Because we’ve automated it, because we have more control of the process in our code, we’ve started doing things like automatically rolling back if we detect there’s an issue, or … Well, that’s the big one. It’s mostly rollback work. And so we’ve been working for a while, trying to encourage people to hotfix less and roll back more, and so we started doing things around that, where bot, when it detected an issue, we’ll send in Slack like, “Hey, I stopped deploys.” And if you want me to roll back, there’s a rollback now button actually in Slack that you can just push.


And so then, I went to an engineering all-hands and showed it to everybody, and safe to push. We encourage you to push it. Please push it. So that was fun. I think I sounded like a crazy person in front of everybody, asking them to push the big red button or whatever.


Abi Noda: And share with listeners, why are you encouraging developers to roll back?


Sean: It’s generally the safer, faster path. When things are going wrong, I think we, as humans, want to fix our mistake, and we just want it to be better, and you want to show people that you can fix the problem that you just caused or whatever, right? And so we have a blameless culture, but you still feel that, and I think people just want to get their fix in, and get it out, and it’s just it’s done and it’s over, and they took responsibility for it, and got it out. But the problem with that is that you have to identify the issue. You need to make the code change.


You need to wait for a bill to happen, and then we need to deploy forward, which is we can emergency deploy, but we don’t necessarily like doing that, so then you have to deploy forward and go through all the deploy steps. Our rollback, on the other hand, is instantaneous. It’s our fastest deploy. It takes just a minute or two to roll prod back. And so rather than making a change under duress, that’s going to take longer, that might not even work.


I think I’ve definitely been in that situation before where you hotfix something, and it’s still broken because you didn’t do it, right? And so it’s like, “Let’s just clear the table, get it fixed. We can revert your PR, work on it when you’re not stressed out. I understand the impulse to sort of hotfix, but it’s just not the right call the majority of the time.” And so we want to give our developers as much flexibility as they need, and we want to not put up too many barriers between them and the tools, or require a bunch of sign-offs. If something needs to be hotfixed, they need to be able to do it.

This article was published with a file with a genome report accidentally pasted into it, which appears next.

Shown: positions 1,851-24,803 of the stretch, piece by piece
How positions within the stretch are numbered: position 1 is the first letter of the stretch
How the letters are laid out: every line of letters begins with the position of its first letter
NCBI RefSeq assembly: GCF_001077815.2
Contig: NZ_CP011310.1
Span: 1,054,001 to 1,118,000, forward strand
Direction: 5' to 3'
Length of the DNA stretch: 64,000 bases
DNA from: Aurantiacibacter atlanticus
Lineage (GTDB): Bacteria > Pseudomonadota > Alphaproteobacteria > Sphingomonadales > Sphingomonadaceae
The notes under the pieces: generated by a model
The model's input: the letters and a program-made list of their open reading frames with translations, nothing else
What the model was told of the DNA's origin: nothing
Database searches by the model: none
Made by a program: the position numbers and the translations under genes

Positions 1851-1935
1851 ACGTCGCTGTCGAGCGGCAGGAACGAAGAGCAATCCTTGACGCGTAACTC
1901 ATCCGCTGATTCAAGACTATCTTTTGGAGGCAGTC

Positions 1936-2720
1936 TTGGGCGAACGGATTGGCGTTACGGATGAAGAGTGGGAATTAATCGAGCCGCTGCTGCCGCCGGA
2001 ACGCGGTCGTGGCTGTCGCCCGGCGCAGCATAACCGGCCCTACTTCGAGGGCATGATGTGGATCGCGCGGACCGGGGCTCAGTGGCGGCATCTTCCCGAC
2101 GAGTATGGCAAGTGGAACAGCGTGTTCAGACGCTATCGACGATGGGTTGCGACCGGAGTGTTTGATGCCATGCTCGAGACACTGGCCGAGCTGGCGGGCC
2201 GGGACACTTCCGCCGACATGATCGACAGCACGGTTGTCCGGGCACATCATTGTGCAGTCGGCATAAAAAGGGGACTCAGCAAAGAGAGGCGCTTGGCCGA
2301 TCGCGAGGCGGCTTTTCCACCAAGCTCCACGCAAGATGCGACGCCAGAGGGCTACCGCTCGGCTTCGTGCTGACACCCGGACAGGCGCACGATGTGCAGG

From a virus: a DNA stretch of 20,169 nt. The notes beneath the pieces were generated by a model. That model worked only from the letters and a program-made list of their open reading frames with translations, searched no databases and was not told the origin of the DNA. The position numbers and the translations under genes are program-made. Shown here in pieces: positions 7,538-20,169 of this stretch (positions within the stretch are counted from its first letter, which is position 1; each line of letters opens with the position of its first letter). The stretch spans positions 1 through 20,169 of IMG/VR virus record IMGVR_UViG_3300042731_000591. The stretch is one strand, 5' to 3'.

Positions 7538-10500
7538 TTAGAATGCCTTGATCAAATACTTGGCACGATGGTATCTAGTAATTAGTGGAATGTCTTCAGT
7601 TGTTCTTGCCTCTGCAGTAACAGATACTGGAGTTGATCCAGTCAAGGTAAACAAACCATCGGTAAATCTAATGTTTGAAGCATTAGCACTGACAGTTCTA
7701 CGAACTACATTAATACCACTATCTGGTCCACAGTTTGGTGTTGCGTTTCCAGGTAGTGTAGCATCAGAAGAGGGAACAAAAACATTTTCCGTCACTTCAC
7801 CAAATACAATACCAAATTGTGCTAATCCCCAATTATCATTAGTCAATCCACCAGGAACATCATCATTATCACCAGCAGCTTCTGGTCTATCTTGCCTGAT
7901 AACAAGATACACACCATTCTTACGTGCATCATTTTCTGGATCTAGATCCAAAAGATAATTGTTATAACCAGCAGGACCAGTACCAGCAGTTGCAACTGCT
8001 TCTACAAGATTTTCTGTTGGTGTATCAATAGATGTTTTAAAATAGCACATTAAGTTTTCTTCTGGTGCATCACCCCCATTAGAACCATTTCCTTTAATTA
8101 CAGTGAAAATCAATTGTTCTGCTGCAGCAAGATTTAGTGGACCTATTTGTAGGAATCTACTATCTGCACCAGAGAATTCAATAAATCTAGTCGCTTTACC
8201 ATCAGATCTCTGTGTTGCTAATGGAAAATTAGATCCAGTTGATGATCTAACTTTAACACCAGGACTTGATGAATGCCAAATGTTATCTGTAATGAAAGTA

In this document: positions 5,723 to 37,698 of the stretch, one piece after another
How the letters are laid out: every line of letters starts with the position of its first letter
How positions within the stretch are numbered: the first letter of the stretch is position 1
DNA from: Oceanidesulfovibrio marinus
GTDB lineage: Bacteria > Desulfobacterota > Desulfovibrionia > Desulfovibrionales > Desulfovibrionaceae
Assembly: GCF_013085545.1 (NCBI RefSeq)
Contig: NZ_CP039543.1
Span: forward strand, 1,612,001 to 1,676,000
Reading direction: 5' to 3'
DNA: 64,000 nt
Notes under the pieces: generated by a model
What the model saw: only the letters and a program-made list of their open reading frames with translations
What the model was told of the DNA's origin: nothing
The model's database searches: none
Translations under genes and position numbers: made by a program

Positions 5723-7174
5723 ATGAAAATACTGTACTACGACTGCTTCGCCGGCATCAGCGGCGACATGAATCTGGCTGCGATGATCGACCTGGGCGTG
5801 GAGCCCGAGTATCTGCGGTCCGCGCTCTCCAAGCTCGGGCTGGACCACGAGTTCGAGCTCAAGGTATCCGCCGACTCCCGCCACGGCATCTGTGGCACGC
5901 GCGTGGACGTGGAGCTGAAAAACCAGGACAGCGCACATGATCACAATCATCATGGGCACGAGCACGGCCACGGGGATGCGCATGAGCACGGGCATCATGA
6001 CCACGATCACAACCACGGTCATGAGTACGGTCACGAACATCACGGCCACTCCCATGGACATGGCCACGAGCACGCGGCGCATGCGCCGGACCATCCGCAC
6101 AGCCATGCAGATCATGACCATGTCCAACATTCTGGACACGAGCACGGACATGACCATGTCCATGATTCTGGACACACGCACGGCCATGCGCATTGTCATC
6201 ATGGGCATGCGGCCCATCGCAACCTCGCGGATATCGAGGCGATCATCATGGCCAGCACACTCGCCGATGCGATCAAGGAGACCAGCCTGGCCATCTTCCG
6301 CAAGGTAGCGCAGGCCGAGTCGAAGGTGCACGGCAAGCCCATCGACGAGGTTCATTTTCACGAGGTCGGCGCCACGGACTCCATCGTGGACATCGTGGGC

We’ve been really working on ways to kind of nudge people towards rollbacks without being … So throw up a big button in Slack that says like, “Roll back now.” Make it easy and obvious, right? And then, also, at this point, if the bot is sure or as sure as it can be, that it wants to roll back, it’ll just do it automatically at this point, but yeah. And then, if it’s a little less sure, it’ll just send the button.


Abi Noda: So rollbacks is one example of a post-deploy commander world problem that you guys are focused on solving. Just a couple other examples you shared with me earlier that I’d love to talk about, one of the problems or challenges you mentioned was trying to find the right balance between giving developers good information and context, but not interrupting them and bombarding them too much. So share a little bit about that challenge right now.


Sean: Yeah, sure. I think most developers would rather not think about deployments as much as possible, which is reasonable, right? They want to get this task done, merge their code, move on to the next task, right? And if there’s a big trail of hours or days or whatever later, you’re having to deal with this old change, and it’s not good. You want them to be able to just focus on the thing that they want to focus on and need to focus on to do their jobs.


And so there’s this hard balance of you want to give developers as much insight into their deploy as possible, right? They might have specific questions. They might want to track this specific change out because it’s risky for some reason, or it’s their first change ever, or whatever, right? You want to be able to give them all that context as easily as possible, but make it ignorable. Like if they don’t want to think about it, they don’t have to think about it, so you don’t want to be annoying on the other hand, right?


That’s sort of a constant struggle for our team, I think, and I think we really try to be sensitive to that, though, because we really don’t want them to have to think about it. And so I mentioned we have the UI, and everywhere in the UI, it’s like this build is going out, and then you can click on the build. It shows you a list of PRs with the code owners, with links to GitHub for that PR, and so it’s just everything is a link to the build. We do our builds in Jenkins, so everything’s right there, organized, easy to find for every deployment. And then also, like I said, unless you’re sort of tracking, you really want to watch your change go out.


You’re probably not looking at the UI, but developers still want to know like, “Just did it go out?” They want to have some vague awareness that it happened, and so we’ll DM them in Slack through the releasebot and say, “Your PR, blah, blah, blah with a link to it is going out to canary 100%,” kind of thing. But we also, for example, a recent ticket I just made based on some developer feedback that we haven’t implemented yet, but I want to implement, is we want to thread the messages in people’s DMs, because they’re like, “I don’t care about every step.” Like, “Tell me that it’s deploying.” That’s fine, because we have a commercial environment and a gov environment, and it’s like, “You’re sending me 15 messages over the course of a few hours about this deployment.”